Written By: Luke Smailes

Prior to the 2022 season, we released our first iteration of a win probability model for our NCAA
baseball and softball clients within the 6-4-3 Charts interface. Win probability models the likelihood that
either team is expected to win the game given the game’s situation along with adjustments to account
for the quality of the two teams playing. After improving on the model’s limitations, we’re excited to be
releasing an updated V2 within our interface and on both D1Baseball.com and D1Softball.com.

Example Win Probability Graphic in 643 Interface

The basic framework of the win probability model remains unchanged. That framework leverages the
9.6 million baseball plays and 5.8 million softball plays in the 643 database, respectively, and looks at all
previous game outcomes for teams in the exact same situation of a given play in a game. Each situation
is defined by the current base/out state, inning, and score differential. For example, when the home
team is trailing by one run with two outs in the bottom of the third inning and a runner on second base,
we can look at all other situations since the start of 2017 and see how often the home and road teams
each won those games.

These factors create what we call the naïve model, and it tells us, for example, that home teams in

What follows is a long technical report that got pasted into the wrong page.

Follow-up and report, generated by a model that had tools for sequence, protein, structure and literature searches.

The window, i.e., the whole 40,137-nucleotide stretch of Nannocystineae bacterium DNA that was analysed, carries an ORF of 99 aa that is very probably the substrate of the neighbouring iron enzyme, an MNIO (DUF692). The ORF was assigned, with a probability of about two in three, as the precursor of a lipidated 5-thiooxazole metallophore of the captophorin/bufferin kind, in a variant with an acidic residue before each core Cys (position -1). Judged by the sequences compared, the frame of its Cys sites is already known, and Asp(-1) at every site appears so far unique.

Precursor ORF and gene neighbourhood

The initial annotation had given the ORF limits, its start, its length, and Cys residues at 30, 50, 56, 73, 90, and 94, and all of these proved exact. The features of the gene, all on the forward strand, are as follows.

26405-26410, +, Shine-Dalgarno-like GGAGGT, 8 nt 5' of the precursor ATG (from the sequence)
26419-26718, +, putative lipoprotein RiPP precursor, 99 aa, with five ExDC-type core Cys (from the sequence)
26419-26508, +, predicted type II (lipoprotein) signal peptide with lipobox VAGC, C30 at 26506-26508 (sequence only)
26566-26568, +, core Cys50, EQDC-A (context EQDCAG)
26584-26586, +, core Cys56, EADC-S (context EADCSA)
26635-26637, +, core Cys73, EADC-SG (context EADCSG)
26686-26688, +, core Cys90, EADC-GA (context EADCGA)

college baseball inherently have approximately a 9.6% advantage over visiting teams since the start of
the 2017 season, while that value is about 7% in college softball.

V1, only a slight improvement over the naïve model, calculated RPI at the conference level and applied
that adjustment over the course of the game, decreasing at a constant rate. This logic is founded on the
idea that the farther into a game two teams get, the less the outcome of that game is dependent on
what each team has done in the past, and more about the context of that given game. For example, an
SEC team playing at home against a SWAC school would likely be heavily favored from the outset.
However, if that SWAC school leads the SEC favorite by five runs with three outs to go, any win
probability adjustment should be diluted based on the fact that they’re quickly running out of
opportunities to make outs. Their margin to flex any talent advantage has become extremely slim in this

V1 worked at a basic level (it was featured on SportsCenter and part of ESPN’s postseason softball
broadcasts), but it lacked some contextual adjustments that the average fan could pick up on. The most
basic issue was that since the RPI adjustment was being applied at the conference-level, the adjustment
was canceled out in games between two conference opponents, and we know that in virtually all
conferences, the difference between the best and the worst teams is significant. Conference-level RPI
was ultimately too general for all matchups, especially between conference opponents, so switching to a
dynamic team-level method has produced much more practical outputs.

V2 introduces this dynamic team-level RPI adjustment at the same rate as V1 – decreasing throughout
the game at a constant rate.

The RPI adjustment values are calculated based on the date that a game occurs. For every new game,
RPI is updated and recalculated according to the new data available. As the season progresses and RPI
becomes more robust, the RPI calculation applied in the win probability model is stronger than when
the matchup is just a few games or even a few weeks into the season and is thus weighted more heavily.

Looking back at past games, the RPI used in the model is consistent with the RPI at the time that game
occurred, making RPI dynamic across the season.